The Threshold To Being One of Canada’s Wealthiest Households Has Been Falling

Hoping to win the title of being one of Canada’s highest-earning households? It’s an easier hurdle to clear than it used to be — though let’s be honest, it’s still difficult to cross. Statistics Canada (Stat Can) data shows the results of 2019 tax filings. The threshold for being a top-earning household made a small annual increase. It’s still significantly lower than its 2015 peak though.

Canada’s One Percent Has A Household Income of At Least $250k

The entry ticket to being a part of the one percent made a modest increase. The income threshold increased to $250,300 in 2019, up 2.2% higher than a year before. This is an increase of just 6.1% over the past 5 years prior. Modest gains for an income that just qualifies for a mortgage in some cities. 

The Top Ten Percent of Canada’s One Percent Earn At Least $790k

Being a high-income earner amongst high-income earners is easier than it used to be. The threshold to be in the top 0.10% of household income reached $790,100 in 2019, up 1.8% from the previous year. It might have climbed from a year before, but it’s 4.4% lower than it was five years prior. The top ten percent of the one percent is an easier club to enter than it used to be.

Canadian Household Income Threshold To Be Top Earners

The minimum amount of annual income a household needs to earn to be considered a top income earner in Canada.

Source: Stat Can; Better Dwelling.

It Takes An Annual Income of $3 Million To Be In The 0.01%

The hurdle to becoming the one percent of the one percent was easier than it used to be. It’s still an incredibly high barrier to get through though. The threshold reached $2,973,200 in 2019, up 7.1% from a year before. Despite the uptick, this is still 18.2% lower than it was 5 years prior. Falling $662,800 over that period is a little relief for those looking for the title.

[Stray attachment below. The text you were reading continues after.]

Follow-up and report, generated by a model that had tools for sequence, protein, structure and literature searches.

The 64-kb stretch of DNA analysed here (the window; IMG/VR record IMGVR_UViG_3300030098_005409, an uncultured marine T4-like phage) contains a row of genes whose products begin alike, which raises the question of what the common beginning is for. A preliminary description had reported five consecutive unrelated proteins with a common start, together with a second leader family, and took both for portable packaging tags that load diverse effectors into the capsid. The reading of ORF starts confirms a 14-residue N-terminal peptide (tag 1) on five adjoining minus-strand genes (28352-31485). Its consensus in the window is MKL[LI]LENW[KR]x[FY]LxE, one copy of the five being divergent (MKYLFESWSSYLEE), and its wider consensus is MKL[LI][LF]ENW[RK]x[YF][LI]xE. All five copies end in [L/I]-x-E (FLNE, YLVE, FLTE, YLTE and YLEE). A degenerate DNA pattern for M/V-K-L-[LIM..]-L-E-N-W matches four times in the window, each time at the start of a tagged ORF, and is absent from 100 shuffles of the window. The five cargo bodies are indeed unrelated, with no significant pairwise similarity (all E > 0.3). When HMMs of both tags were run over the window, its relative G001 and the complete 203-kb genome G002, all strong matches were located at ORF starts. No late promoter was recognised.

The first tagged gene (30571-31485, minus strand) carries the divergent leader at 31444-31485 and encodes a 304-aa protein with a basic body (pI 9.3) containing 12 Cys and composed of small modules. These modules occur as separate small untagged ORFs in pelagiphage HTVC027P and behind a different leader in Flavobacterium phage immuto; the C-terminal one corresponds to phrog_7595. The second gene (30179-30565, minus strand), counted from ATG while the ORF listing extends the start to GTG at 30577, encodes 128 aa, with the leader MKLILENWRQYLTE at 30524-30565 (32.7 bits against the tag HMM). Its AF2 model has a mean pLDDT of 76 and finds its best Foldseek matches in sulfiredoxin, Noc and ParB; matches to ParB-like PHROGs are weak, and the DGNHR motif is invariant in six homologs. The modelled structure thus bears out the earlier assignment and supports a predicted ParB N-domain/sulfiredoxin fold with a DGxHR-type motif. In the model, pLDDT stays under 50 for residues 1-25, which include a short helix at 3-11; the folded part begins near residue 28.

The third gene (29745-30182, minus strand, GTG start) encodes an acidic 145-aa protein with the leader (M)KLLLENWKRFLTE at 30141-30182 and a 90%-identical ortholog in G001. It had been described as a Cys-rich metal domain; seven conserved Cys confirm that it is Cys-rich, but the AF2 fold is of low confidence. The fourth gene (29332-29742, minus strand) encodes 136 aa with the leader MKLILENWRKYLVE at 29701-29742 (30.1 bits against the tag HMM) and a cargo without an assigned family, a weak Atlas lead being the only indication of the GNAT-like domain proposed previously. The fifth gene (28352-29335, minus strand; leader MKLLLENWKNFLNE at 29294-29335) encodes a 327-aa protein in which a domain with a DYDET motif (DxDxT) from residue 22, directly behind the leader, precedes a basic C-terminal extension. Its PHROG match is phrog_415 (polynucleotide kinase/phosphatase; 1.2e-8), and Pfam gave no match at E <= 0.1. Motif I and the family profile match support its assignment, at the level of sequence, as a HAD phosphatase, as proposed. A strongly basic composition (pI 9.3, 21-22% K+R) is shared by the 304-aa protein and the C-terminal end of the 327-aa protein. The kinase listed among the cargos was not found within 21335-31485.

At first glance, it might be easy to see that number and think the rich are earning less. Probably not the case. This issue is more likely attributed to Canada’s population boom.

Starting in 2016, Canada’s population began a sharp uptick in growth.  Since the majority of immigrants earn modest incomes, it averages down the threshold. The expansion of the working and middle classes mean more one percenters. This naturally increases the range of incomes on the high end. Canada has more rich people, but the working classes are expanding much faster.


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  • GTA Landlord 3 weeks ago

    An interesting explanation that makes a lot of sense. Read the same data in the news and they explained just what you said people would assume — incomes fell. Workers added to the income pool are dilutive.

  • Paul Martin 3 weeks ago

    Income is meaningless. It is the net assets excluding principal residence and personal items that counts. A lot of people with high net with do not have high income. They do not need it. They have no personal debt and they have flexibility in how they get cash. For example, a capital gain in a corporation on corporate stock portfolio allows to extract cash tax free. No income to report. Just one of many examples…

    • David Chan 3 weeks ago

      If you’re going to tell someone their data is meaningless, you should probably make sure you understand what the stat says.

      Canada’s “income” stats aren’t wages but include the net realization of wealth including government transfers and tax rebates. You’re thinking of market income, which is a completely different income concept.

  • D 3 weeks ago

    Canada has no software industry, no semiconductor foundry, designer, equipment industry, no technological, electronic, manufacturing hardware industry. Canada’s established industry are government supported duopolies which lead to increased prices and poorer Canadians.

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